SALT LAKE CITY - The Austrians are to skiing what Duke is to college basketball.
So, Stephan Eberharter may be favored to win the downhill gold, but American Daron Rahlves has his own ideas about the steep, twisting course called Grizzly.
"I've got a good feeling on the hill," he said. "I've gotten good results. The toughest thing about Grizzly is it changes with every turn. It's technical, with lots of banked turns, and really steep."
Rahlves' event is just part of the outdoor action today, when ski jumper Alan Alborn soars above Utah Olympic Park and snowboarder Shannon Dunn zips across the halfpipe. Other events include men's singles luge and Nordic combined.
If Rahlves does manage to beat the mighty Austrians, it won't be the first time. That's what he did to win last year's super-G world title.
Even without injured teammate Hermann Maier, the Austrians are expected to dominate skiing's speed events. Though Eberharter is also favored for gold in the super-G, Rahlves isn't conceding anything.
"Both races, the super-G and downhill, are great races for me on that kind of hill," he said.
Snowbasin's Grizzly course is indeed a bear and was named for one that roamed the area 80 years ago.
With its slanting sidehills, twisting turns and elevator-shaft drops, it's a dramatic change from previous Olympic downhill courses that favored gliders at earlier games.
Racers plunge from the starting hut, reaching 75 mph within 10 seconds, then twist through long jumps and sidehill turns before making a heart-stopping drop on a 74-percent pitch into the finish area.
There's a 2,897-foot difference in elevation over 1.94 miles, a thrill ride that lasts about 100 seconds.
"It's exciting the whole way down," said Rahlves, a speed addict who also rides motorcycles. "There's never a lull, never a time you can just relax. You're thinking ahead every single turn and looking ahead the whole way down."
Ski-jumping's qualifying rounds on the 90-meter hill were canceled Friday by high winds and blowing snow. The jumpers didn't mind.
"A gust could come up and either blow you to a huge jump or splat you right down," said American Brian Welch.
Last month, Alborn became the first U.S. jumper in 10 years with three Top 10 finishes in World Cup events. He's a longshot to medal, though, behind favorites Adam Malysz of Poland and Sven Hannawald of Germany.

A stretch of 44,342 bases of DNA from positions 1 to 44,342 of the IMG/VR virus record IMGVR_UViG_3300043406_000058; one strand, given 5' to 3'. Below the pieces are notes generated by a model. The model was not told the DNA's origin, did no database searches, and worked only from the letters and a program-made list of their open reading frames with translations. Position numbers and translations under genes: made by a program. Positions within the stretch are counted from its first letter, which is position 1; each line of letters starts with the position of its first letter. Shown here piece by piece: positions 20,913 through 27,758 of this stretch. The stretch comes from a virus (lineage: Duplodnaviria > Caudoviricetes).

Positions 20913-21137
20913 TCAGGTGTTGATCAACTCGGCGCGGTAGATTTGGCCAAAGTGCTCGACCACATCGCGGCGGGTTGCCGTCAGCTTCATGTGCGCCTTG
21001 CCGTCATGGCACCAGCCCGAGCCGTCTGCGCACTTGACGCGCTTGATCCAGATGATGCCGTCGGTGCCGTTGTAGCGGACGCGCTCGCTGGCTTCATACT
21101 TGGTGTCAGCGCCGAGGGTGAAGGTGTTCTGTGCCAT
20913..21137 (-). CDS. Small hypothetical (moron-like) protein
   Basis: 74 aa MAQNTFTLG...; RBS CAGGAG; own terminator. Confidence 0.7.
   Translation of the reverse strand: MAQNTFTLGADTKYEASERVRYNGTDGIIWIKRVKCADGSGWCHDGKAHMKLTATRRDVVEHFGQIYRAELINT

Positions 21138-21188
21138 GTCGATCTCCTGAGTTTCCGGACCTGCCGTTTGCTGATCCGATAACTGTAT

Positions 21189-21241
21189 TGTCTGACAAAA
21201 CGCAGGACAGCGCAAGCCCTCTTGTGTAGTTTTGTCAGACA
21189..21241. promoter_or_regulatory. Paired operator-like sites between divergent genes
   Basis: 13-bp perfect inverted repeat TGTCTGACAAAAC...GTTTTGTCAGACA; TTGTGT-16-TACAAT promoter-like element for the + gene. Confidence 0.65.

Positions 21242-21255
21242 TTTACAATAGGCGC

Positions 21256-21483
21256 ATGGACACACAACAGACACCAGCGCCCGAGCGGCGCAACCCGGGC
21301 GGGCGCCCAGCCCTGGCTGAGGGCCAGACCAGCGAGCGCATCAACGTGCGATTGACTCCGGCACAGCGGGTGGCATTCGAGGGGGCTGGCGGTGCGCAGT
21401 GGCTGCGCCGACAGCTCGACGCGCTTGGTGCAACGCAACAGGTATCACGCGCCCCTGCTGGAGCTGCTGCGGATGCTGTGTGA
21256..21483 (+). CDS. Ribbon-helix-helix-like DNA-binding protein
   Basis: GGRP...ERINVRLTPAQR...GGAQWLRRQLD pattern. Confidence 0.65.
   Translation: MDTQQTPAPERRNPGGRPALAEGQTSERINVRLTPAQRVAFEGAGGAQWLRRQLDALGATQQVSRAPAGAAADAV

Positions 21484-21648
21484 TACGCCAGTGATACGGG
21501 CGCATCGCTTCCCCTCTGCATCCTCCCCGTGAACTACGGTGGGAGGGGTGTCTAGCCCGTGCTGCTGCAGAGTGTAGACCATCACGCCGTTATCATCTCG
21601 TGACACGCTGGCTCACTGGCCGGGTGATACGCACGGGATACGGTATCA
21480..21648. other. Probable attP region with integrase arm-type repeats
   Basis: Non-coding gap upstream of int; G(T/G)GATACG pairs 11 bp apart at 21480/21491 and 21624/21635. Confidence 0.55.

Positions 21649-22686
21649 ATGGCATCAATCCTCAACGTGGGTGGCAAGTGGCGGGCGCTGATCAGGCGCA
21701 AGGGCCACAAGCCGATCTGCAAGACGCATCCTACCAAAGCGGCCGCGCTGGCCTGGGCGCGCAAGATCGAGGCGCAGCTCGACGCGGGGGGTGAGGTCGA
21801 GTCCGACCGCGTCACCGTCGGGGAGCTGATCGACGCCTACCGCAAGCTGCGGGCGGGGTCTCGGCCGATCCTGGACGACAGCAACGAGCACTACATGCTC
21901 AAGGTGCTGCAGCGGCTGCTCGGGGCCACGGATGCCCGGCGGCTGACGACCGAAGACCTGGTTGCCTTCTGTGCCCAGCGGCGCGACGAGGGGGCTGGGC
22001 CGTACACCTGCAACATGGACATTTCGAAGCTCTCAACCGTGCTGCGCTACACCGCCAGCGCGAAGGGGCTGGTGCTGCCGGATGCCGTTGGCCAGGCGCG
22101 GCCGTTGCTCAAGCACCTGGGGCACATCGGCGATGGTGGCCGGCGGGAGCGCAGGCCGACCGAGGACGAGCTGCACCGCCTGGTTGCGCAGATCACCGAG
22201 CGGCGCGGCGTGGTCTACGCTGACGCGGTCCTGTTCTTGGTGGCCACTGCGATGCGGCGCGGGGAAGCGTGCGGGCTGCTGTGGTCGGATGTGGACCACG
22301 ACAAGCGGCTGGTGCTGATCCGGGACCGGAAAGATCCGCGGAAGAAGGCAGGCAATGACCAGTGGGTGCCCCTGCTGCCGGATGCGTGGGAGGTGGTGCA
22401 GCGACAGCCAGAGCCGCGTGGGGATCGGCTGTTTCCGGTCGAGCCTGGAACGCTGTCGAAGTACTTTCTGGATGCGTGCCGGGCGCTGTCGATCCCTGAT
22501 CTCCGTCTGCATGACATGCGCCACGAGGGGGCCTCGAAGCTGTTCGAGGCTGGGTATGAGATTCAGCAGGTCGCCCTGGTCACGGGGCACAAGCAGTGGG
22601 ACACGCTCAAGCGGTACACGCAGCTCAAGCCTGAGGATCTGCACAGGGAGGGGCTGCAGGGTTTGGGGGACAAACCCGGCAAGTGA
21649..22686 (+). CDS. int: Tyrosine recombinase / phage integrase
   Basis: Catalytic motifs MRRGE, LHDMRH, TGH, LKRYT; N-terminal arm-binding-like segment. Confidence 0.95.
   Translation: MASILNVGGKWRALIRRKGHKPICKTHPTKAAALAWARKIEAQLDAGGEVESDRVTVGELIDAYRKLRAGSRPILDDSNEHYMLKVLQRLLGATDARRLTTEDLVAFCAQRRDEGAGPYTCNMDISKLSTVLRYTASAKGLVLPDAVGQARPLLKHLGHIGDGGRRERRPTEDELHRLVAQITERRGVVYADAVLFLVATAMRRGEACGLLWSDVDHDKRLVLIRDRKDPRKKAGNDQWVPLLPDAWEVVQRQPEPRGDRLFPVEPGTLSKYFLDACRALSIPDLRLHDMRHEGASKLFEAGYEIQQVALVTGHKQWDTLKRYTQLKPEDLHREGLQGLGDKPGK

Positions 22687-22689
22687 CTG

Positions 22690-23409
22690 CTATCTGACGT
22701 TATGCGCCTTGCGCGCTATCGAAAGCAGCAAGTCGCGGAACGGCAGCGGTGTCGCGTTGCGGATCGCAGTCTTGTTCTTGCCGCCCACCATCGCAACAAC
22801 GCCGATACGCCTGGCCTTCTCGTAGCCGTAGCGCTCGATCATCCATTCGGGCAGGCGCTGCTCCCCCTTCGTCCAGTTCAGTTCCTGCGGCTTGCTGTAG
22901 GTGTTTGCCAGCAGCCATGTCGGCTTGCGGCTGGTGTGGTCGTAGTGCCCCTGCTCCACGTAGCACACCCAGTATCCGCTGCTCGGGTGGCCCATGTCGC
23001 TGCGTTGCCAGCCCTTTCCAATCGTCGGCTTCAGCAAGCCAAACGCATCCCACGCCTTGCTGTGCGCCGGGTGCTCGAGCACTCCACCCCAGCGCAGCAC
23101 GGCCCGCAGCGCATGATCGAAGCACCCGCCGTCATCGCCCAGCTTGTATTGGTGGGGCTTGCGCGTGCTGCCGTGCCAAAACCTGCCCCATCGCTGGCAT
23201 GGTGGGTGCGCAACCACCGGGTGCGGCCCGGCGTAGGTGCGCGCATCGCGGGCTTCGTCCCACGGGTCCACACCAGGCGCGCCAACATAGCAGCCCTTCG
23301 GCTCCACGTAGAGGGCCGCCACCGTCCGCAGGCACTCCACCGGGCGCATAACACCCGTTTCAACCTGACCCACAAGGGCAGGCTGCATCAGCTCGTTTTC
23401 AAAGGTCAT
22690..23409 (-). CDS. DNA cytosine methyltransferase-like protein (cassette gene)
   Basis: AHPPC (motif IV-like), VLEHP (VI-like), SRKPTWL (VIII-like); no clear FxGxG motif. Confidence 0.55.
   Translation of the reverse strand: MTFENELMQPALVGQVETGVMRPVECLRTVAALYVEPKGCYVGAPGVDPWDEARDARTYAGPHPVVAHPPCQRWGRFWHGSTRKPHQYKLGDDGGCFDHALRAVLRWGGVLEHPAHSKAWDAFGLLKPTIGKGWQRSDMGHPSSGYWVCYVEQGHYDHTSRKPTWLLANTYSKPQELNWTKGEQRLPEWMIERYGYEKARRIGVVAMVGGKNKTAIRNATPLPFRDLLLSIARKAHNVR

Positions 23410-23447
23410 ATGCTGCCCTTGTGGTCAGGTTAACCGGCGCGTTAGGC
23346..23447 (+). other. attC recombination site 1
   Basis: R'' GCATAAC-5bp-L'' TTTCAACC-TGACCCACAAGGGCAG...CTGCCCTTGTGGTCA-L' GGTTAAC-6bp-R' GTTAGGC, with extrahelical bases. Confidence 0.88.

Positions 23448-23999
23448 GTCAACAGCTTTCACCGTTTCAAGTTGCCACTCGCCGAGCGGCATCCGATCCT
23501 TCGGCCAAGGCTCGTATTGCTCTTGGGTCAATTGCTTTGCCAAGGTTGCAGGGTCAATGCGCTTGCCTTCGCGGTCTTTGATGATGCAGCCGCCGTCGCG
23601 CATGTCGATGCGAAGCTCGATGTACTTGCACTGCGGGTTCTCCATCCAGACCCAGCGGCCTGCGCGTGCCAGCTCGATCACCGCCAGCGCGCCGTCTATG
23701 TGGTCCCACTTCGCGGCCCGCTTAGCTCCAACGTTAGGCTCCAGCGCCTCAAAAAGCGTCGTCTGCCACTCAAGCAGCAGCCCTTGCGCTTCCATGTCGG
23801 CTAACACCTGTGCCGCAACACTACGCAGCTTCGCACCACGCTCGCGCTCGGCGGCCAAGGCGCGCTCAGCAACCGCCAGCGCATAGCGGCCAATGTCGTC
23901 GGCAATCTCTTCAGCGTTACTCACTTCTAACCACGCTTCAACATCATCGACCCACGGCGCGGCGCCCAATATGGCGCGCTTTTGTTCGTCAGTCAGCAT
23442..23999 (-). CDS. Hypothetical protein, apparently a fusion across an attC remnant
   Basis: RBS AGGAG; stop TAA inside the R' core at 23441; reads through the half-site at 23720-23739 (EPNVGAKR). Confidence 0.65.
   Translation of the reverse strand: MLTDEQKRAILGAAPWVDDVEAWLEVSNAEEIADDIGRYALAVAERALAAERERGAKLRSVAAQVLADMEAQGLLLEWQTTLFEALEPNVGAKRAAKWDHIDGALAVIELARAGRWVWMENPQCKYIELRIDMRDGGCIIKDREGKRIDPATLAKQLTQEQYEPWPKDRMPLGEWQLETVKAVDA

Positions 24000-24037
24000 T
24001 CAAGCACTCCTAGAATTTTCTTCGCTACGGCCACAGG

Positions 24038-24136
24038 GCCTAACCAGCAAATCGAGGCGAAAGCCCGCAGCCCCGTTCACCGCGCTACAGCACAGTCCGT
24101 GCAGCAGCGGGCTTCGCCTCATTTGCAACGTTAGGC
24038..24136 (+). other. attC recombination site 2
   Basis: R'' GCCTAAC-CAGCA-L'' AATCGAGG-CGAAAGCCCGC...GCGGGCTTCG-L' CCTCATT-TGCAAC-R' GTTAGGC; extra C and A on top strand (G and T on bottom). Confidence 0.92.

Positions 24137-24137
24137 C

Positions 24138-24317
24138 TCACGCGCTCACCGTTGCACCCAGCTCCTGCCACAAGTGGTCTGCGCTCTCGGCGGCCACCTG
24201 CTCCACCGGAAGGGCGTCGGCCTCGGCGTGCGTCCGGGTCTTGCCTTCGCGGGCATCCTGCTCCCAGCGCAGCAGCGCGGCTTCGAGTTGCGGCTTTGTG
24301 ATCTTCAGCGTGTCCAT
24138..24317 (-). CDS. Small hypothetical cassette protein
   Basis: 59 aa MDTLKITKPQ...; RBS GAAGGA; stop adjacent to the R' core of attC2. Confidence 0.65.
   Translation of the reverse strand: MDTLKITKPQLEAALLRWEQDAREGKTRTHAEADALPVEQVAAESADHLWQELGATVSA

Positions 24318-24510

Dunn won a bronze medal at the 1998 Nagano Olympics and won the halfpipe at last year's X-Games. Teammates Kelly Clark and Tricia Byrnes also give the USA a good shot at a medal.
Todd Lodwick and Bill Demong leaped steady and long in the ski-jumping portion of Nordic combined, surprising the dominant Europeans by both finishing in the top 10.
"Anything is possible tomorrow," said Lodwick, who enters today's cross-country portion in seventh, one spot ahead of Demong. "It takes years to get your technique down. You're looking at a more mature, more focused, more athletic group of individuals than we were four years ago. We have expectations."
They've already exceeded them in a sport Americans have traditionally struggled in. The highest Olympic finish by a U.S. athlete is ninth, in 1932 by Rolf Monsen.
"Every single person out there is afraid of the USA right now," said coach Jan-Erik Aalbu, who guided the Norwegians at the 1994 and 1998 Olympics. "Four or five years ago, it was not that way."
The United States also has never medaled in men's singles luge. That's largely because of a fellow named Georg Hackl. And that's who Adam Heidt and Tony Benshoof face today - the three-time Olympic champion from Germany.
Then there's Italy's Armin Zoeggeler, a three-time world champ and two-time Olympic medalist.
"There's no doubt those two are the best sliders in the world, but the field is very deep and shouldn't be forgotten," said Benshoof, who won a World Cup silver medal last month.
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